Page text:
Previous epidemiological studies in Durham have identified geographic clustering of elevated levels of exposure to environmental toxins, such as lead and cadmium, among pregnant women. Communities of color and low-income communities experience a higher frequency and magnitude of exposure to harmful environmental hazards such as pollutants, pesticides, and carcinogens. Pregnant women who are exposed to elevated levels of harmful toxins have an increased risk of miscarriage, premature birth, birth defects, and low birth-weight deliveries.
- Only 20% of survey respondents reported being well informed about environmental toxins
- 47% of respondents were concerned about their exposure to environmental toxins
- Only 19% of survey participants report having previous blood test for environmental toxins
- 44% of survey participants reported practicing preventive cleaning habits more than once a week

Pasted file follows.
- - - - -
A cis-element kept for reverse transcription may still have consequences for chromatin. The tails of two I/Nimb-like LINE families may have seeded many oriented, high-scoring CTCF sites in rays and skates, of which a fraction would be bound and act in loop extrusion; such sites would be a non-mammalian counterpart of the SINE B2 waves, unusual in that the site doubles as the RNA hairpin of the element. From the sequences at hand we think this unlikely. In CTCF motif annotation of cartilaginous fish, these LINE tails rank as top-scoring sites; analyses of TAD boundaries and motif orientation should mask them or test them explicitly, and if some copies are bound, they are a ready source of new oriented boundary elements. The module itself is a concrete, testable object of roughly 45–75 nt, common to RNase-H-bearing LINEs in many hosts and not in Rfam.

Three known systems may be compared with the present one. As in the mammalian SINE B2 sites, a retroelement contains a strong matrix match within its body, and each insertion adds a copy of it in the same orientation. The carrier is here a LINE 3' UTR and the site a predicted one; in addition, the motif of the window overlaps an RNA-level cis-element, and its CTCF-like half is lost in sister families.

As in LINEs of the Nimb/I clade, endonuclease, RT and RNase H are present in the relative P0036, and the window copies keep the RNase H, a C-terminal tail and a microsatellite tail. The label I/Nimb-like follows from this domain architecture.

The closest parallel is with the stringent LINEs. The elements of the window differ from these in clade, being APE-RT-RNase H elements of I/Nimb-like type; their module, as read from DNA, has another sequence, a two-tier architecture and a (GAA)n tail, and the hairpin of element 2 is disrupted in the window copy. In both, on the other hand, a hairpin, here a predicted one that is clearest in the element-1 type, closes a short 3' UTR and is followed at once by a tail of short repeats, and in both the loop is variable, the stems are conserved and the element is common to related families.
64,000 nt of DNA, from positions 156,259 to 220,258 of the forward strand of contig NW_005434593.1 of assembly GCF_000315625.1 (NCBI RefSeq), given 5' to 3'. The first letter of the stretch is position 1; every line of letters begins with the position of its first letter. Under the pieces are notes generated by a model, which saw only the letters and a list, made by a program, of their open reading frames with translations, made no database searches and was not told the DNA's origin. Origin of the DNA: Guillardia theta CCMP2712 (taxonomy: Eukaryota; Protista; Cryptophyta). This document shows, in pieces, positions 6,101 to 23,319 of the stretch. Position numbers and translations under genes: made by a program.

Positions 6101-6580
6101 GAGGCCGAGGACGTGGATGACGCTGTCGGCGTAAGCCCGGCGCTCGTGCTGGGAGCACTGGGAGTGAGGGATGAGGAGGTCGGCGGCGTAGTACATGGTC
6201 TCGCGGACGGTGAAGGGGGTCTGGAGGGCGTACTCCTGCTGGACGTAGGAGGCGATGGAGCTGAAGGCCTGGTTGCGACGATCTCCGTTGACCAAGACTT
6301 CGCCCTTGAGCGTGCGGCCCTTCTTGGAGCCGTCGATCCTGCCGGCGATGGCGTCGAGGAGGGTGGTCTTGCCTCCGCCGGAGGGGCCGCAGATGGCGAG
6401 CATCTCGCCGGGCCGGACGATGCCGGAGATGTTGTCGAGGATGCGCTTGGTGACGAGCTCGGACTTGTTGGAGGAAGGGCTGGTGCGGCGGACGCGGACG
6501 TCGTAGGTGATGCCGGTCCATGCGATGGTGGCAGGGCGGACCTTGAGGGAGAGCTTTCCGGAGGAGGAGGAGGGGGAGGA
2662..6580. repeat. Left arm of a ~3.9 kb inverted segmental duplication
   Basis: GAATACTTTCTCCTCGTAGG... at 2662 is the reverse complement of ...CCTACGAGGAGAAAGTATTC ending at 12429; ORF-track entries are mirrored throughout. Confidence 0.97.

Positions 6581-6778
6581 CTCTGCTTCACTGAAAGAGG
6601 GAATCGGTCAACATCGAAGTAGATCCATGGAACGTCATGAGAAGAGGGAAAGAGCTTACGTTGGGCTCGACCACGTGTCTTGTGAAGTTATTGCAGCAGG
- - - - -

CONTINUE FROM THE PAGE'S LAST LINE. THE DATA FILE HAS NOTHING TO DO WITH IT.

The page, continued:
- 50% of homes in areas with high-risk for exposure are female-headed households
- 31% of survey respondents learned about environmental toxins from a friend or with children family member
- 73% of residents living in areas with highest risk of exposure are Black
- Poverty rates in high-risk areas range from 31% - 50%
- Areas with geographic clustering of high-risk levels overlap with housing units owned by Durham Housing Authority
- Pregnant women in NC with two consecutive blood lead levels exceeding the blood lead action level (BLAL) are eligible for a free environmental assessment
- NC requires routine blood lead testing for children at 12 months and 24 months of age who live in high-risk areas; however, routine testing is not mandated for pregnant women or women planning to become pregnant living in high-risk area
To increase the awareness of these preventative practices among residents living in high-risk areas in Durham, the Durham Public Health Department in partnership with the Durham Housing Authority (DHA) should lead a robust public health campaign utilizing social media and print marketing materials, specifically adapted to reach individuals and families living in the high-risk areas.
Identical blood lead levels in pregnant women are passed along to their developing baby as lead freely passes through the placenta. There is no safe blood lead level for children.